E. Notwithstanding any enforcement action undertaken by the State Corporation Commission pursuant to its authority under § 56-245.3, tenants and owners shall retain any private right of action resulting from any breach of the rental agreement or lease terms required by this section or § 56-245.3 to the same extent as such actions may be maintained for breach of other terms of the rental agreement or lease.
F. As used in this section, “building” means all of the individual units served through the same utility-owned meter within an apartment house, office building or shopping center as defined in § 56-245.2. (Chap. 13, § 55-226.2)

Remedy for rent and for use and occupation:


Rent of every kind may be recovered by distress or action. A landlord may also, by action, recover, when the agreement is not by deed, a reasonable satisfaction for the use and occupation of lands. On the trial of such action, if any parol demise or any agreement not by deed whereon a certain rent was reserved shall appear in evidence, the plaintiff shall not therefor be nonsuited, but may use the same as evidence of the amount of his debt or damages. In any action for rent, or for such use and occupation, interest shall be allowed as on other contracts. (Chap. 13, § 55-227)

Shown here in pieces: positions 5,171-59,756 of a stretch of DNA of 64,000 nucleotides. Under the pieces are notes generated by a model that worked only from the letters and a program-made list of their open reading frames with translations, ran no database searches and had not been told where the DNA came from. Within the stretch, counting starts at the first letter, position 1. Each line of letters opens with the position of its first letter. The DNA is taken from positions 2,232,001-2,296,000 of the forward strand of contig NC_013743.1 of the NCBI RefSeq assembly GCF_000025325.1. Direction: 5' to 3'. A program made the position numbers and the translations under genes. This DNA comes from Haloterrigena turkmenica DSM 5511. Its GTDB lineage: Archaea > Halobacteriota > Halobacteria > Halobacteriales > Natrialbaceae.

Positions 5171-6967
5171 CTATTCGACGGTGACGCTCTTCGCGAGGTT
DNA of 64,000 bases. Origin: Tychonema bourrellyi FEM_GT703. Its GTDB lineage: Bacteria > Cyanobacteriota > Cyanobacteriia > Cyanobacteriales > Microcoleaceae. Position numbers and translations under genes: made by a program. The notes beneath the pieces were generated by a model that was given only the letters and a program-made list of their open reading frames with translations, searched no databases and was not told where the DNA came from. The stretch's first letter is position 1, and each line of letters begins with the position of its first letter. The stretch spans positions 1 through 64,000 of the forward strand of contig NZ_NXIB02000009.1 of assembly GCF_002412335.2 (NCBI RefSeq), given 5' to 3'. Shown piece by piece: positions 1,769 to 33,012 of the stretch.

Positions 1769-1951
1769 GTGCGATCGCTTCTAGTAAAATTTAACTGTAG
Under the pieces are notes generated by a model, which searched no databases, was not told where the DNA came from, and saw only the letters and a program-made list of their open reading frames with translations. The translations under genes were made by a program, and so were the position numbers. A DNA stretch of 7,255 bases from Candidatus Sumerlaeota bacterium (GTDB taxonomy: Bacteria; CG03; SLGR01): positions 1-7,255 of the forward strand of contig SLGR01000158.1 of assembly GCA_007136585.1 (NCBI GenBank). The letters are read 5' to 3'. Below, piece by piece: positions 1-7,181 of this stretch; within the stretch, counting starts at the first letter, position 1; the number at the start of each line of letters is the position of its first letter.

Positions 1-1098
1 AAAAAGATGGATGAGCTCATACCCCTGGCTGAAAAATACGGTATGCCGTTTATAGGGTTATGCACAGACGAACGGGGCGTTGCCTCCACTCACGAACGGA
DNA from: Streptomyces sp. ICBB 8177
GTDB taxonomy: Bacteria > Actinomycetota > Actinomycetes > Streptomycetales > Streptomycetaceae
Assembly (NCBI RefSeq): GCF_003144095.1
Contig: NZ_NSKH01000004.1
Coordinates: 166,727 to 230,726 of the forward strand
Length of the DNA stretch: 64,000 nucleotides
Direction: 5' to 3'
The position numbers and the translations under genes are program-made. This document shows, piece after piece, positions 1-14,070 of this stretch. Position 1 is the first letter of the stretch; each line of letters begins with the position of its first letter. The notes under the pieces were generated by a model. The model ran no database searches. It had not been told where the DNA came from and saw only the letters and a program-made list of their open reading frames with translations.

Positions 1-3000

Who may recover rent, etc.:


He to whom rent or compensation is due, whether he have the reversion or not, his personal representative or assignee may recover it as provided in § 55-227, whatever be the estate of the person owning it, or though his estate or interest in the land be ended. And when the owner of real estate in fee, or holder of a term, yielding him rent, dies, the rent thereafter due shall be recoverable by such owner’s heir or devisee, or such termholder’s personal representative. And if the owner or holder alien or assign his estate or term, or the rent thereafter to fall due thereon, the alienee or assignee may recover such rent. (Chap. 13, § 55-228)

Who liable for rent:


Rent may be recovered from the lessee or other person owing it, or his assignee, or the personal representative of either; but no assignee is to be liable for rent which became due before his interest began. Nothing herein shall impair or change the liability of heirs or devisees for rent, as for other debts of their ancestor or devisor. (Chap. 13, § 55-229)